If an employer with an EOLI policy fails to comply with the notice and consent regulations or covers the wrong types of employees, it would lose that tax-free status upon receipt of the death benefits for the portion that exceeds the premiums already paid, and that comes with major financial implications, says Ken Kies, managing director of the Federal Policy Group, a consulting firm in Washington, D.
Hall adds that the financial implications can be especially strong because, as in Kies' example, employers have typically paid much less in premiums than the till policy amount, which is why EOLI is so attractive in the first place.
Often these highly compensated employees are also so indispensable that an employer might purchase EOLI on their lives to protect what they bring to the business, Headley says.
Some employers also choose to purchase EOLI to fund buy-sell agreements, Kies adds.
Other reasons to purchase EOLI are redeeming the stock of a deceased employee or shareholder and funding executive benefits, which include prerefirement salary continuation benefits and deferred compensation benefits, Headley says.
On the IRS Form 8925, employers must outline the number of workers employed, the total amount of workers who were insured at the end of the year under EOLI and the full dollar amount of EOLI at the end of the year.
Winn-Dixie was not alone in maintaining EOLI policies on a broad base of employees.
section]101(j) provides that the death benefits received under an EOLI policy in excess of the premiums paid for the policy (excess death benefits) are included in the employer's gross income, except in the case of certain EOLI policies for which the notice and consent requirements of I.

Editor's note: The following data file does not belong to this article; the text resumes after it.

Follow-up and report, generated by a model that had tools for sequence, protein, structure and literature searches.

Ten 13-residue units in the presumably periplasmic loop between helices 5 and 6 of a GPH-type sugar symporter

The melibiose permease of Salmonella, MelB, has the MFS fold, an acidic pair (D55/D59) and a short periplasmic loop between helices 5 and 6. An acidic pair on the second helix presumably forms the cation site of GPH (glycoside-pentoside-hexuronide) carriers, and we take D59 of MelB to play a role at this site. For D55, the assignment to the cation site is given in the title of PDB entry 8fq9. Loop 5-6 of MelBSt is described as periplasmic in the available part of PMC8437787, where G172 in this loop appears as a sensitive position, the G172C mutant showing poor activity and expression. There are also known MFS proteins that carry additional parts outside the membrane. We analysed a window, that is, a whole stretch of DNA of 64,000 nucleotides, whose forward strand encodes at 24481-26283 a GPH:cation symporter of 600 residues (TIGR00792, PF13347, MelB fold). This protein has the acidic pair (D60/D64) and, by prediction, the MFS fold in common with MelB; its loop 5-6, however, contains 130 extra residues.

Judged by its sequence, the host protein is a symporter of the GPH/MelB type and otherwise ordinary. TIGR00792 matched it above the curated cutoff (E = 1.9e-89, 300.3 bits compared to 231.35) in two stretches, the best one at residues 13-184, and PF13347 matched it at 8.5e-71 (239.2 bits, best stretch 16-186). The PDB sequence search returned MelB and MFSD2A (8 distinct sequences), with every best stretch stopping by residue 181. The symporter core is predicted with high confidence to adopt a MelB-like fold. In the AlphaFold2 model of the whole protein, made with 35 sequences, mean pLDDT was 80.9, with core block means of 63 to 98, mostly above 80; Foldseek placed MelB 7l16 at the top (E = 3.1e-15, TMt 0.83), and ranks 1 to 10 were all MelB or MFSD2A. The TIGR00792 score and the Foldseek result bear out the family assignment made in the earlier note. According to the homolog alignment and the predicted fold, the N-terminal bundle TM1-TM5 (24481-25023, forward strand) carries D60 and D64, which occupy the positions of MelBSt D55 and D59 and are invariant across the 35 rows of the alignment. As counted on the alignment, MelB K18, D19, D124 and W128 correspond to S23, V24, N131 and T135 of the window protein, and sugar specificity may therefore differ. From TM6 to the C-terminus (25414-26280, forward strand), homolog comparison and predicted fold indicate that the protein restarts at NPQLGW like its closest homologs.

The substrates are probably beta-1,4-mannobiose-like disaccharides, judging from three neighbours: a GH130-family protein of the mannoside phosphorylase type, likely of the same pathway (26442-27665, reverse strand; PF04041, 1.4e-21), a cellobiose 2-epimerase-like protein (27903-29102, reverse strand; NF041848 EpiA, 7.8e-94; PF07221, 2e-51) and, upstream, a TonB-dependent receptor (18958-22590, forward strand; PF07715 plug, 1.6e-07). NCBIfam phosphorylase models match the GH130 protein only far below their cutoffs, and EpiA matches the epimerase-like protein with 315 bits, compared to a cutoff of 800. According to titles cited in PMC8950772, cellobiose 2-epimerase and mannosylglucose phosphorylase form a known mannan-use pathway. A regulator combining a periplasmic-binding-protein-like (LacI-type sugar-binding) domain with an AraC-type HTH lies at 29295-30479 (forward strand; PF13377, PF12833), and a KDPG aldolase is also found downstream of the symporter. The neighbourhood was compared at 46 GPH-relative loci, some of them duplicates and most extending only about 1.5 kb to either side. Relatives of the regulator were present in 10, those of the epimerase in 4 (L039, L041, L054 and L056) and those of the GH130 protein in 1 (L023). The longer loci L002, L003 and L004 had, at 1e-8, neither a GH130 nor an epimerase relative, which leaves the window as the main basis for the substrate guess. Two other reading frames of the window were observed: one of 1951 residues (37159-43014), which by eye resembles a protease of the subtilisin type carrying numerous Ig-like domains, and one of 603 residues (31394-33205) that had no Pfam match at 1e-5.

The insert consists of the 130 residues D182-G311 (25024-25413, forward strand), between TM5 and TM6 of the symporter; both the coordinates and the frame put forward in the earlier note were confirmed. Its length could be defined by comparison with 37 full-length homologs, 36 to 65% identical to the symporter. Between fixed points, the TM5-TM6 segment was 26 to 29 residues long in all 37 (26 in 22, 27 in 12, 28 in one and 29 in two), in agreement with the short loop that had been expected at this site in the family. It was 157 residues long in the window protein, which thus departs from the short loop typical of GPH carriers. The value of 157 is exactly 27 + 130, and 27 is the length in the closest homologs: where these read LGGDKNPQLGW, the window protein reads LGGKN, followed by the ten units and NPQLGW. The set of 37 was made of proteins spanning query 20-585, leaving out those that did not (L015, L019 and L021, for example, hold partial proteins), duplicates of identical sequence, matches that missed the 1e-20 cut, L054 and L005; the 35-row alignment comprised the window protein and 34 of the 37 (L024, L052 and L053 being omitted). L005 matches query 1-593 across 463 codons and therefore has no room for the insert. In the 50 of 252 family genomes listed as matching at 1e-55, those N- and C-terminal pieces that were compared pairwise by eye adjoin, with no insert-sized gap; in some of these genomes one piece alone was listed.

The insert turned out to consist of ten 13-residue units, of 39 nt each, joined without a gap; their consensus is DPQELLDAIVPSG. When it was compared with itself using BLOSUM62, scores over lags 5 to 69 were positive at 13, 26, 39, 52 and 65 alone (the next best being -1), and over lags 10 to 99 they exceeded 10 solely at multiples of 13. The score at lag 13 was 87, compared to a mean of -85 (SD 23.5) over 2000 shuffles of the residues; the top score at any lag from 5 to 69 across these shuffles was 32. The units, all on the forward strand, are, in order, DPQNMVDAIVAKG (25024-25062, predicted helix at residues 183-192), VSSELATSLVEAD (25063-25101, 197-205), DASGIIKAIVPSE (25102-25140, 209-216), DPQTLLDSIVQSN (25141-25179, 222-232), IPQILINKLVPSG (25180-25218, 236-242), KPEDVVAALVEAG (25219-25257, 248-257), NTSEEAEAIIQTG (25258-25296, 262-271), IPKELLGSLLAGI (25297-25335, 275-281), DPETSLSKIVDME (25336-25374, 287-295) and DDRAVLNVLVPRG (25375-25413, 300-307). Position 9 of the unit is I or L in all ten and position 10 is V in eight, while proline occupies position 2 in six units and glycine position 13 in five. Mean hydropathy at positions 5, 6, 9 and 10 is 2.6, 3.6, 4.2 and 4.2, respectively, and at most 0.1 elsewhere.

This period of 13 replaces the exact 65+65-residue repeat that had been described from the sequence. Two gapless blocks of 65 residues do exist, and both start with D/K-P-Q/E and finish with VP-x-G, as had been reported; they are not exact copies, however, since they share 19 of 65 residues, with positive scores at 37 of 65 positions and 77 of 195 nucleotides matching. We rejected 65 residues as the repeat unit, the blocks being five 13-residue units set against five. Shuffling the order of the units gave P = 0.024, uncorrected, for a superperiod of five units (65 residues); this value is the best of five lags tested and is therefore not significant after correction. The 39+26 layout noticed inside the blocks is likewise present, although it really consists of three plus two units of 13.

section]101(j)(2) provides two classes of exceptions to the general rule that excess death benefits received under an EOLI policy are taxable, which exceptions apply only if the notice and consent requirements are satisfied.
The second class of exception is for certain amounts paid to the insured's heirs, and applies to 1) amounts paid to a member of the family of the insured, (11) an individual who is the designated beneficiary of the insured under the EOLI policy (other than the employer), a trust established for the benefit of any such member of the family or designated beneficiary, or the estate of the insured; or 2) amounts used to purchase an equity (or capital or profits) interest in the policy holder from a person described in clause one (e.
section]101(j)(4) requires that each of the following three notice and consent requirements must be satisfied before the EOLI policy is issued:
1) The employee must be notified in writing that the employer intends to insure the employee's life and the maximum face amount for which the employee could be insured at the time the EOLI policy was issued.